A cash flow forecast tracks cash flowing in and out of your business. The timing of these flows enables you to identify cash-rich and cash-lean periods and helps in making the right decisions, such as when to buy assets or when to prepare for cash shortfalls.
A definition of profit
Profit is the money left in your business after all your expenses have been paid. An income statement (also referred to as a profit and loss report) reveals what profit your business made last month or last quarter. Your profit’s detailed in two figures, namely:
- Gross profit – what’s left from sales after deducting the costs of goods sold or services provided.
- Net profit – what’s left from gross profit after operating costs (your business overhead expenses) have been deducted. This is the figure you are taxed on.
Note that net profit still isn’t the final ‘bottom line’ profit until all taxes have been paid.
Why cash flow and profit can differ
The gap between the cash in your business and the profit you report at the end of the year will (almost) always be different, as some of the things you buy with cash are not fully deducted in the profit and loss account.
Cash flow in that’s not counted as revenue on the income statement
A cash flow forecast records actual cash transactions over the year and can include items other than sales, such as:
- Capital injections by the owner or investors.
- Money you’ve borrowed.
- Cash from selling assets.
These sources of cash can help fund your business, but they don’t add to your end of year profit, as they’re not related to revenue. If you put $100,000 of your savings into your business bank account but didn’t actually start selling products or services and so had $0 sales, your cash flow would be plus $100,000, but your profit would be $0.
Cash flow “out” that’s not fully counted as an expense on the income statement
Sometimes you can’t count an outgoing payment or “money out” as an expense on your income statement or “profit and loss”, either. Here are three examples of cash outflows that are not immediately represented as “expenses” on your income statement or “profit and loss”:
- Owner withdrawals from the business are not counted as ‘expenses’ on the income statement. To be counted as an expense, you’d have to classify payments to yourself as a wage or salary.
- When you buy any significant assets, the amounts of the purchases leave your checking account (cash outflow). However, instead of deducting the full purchase price as an expense on the income statement in the purchase year, you might recognize only a portion of the purchase price as “depreciation” expense on the income statement. For example, if you bought a $10,000 asset and it should last 10 years, then (if you’re using “straight-line depreciation”), you’d count only 10%, $1,000, as an expense in year one (which you’d repeat for the next nine years until the asset were fully ‘depreciated’).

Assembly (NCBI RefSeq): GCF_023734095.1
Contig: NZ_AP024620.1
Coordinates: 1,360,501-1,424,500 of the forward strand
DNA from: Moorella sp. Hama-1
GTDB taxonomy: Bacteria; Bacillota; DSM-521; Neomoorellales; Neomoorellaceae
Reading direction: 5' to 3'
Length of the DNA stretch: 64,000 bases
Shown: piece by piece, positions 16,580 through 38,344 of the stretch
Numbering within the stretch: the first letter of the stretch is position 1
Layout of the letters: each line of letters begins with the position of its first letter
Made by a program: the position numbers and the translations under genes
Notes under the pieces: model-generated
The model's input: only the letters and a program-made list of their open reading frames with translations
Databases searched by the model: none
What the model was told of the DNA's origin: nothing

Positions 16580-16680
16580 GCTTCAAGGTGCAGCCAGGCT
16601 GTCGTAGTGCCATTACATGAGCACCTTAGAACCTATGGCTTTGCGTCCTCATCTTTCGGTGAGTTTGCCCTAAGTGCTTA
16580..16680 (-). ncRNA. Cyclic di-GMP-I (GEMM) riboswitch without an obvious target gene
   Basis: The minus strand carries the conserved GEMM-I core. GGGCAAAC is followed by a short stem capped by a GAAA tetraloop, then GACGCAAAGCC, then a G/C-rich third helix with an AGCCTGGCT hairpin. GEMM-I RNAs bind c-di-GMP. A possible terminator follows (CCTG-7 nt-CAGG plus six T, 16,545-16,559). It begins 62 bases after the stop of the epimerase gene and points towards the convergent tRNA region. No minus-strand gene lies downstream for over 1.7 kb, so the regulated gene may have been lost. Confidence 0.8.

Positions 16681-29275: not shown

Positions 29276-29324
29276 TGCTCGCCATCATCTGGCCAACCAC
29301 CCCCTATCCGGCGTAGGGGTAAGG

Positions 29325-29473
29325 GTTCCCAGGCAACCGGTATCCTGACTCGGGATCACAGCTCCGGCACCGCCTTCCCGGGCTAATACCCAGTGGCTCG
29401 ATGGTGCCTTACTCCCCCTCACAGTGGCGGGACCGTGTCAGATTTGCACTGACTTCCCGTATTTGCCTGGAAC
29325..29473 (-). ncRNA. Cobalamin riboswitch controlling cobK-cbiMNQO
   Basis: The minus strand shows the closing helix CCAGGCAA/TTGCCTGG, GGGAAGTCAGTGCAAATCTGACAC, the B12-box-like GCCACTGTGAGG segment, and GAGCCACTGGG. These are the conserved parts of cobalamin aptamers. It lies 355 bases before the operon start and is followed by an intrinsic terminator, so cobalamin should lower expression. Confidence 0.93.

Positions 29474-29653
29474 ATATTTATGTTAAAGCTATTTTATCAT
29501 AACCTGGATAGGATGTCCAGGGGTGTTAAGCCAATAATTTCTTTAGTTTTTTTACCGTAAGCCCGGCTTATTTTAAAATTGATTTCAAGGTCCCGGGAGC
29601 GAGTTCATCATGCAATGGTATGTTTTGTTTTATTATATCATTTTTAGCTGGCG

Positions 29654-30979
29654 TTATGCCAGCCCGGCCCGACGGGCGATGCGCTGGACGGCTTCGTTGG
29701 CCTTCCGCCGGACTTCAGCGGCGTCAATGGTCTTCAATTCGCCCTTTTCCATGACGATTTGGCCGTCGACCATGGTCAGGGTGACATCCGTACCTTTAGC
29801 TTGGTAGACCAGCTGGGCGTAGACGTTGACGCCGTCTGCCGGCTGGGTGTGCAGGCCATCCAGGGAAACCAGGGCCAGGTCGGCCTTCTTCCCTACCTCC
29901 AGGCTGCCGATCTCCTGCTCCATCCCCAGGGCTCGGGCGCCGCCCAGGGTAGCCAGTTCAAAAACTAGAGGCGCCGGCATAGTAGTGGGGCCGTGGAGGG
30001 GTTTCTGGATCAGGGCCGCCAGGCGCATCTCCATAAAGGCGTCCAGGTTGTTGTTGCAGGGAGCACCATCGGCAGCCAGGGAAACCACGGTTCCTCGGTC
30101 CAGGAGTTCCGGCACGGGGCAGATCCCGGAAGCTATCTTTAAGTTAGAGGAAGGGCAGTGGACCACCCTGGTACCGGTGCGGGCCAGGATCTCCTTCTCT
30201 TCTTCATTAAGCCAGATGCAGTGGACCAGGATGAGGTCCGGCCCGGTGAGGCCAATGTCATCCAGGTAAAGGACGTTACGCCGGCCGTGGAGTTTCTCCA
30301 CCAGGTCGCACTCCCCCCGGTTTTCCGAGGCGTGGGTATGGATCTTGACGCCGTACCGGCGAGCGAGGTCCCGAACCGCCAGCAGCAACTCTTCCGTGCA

- An increase in inventory or raw materials. Your payments to suppliers are cash outflows but you don’t recognize them as “expenses” on the income statement when you pay the suppliers. At the end of each year, you only include as an expense the amounts representing product “used up” or “sold” during the year.
These scenarios help explain the gap between cash flow and profit.
Sales are great, so we must be profitable
Inexperienced business owners can easily confuse ‘being busy’ with being profitable, but there’s a very clear distinction between them. Your profit is always what’s left after all costs have been deducted.
If you haven’t calculated your selling prices correctly, your ‘thriving’ business may in fact be operating at a loss. The cash flow may seem great, but the profit and loss account reveals the true picture.
The critical lesson here is to never set your prices until you know all the costs involved. You might end up operating at a loss or at an unsustainably small profit level.
We’ve made many profitable sales but can’t pay our bills
It’s quite possible to run out of cash or go bankrupt by taking on too much business too quickly, even though each sale is profitable. This is called overtrading – and businesses that sell on credit rather than cash terms are more at risk.
Actions that can lower cash flow
Reasons businesses can run out of cash include:
- Excessive withdrawals by the owner(s).
- Purchasing too much inventory relative to sales.
- Taking on more loans than the business can service.
- Buying assets at inappropriate times (such as during a slow period).
- Prepayments or paying suppliers too soon. If suppliers offer 30 days, it makes sense to take advantage of the full credit period.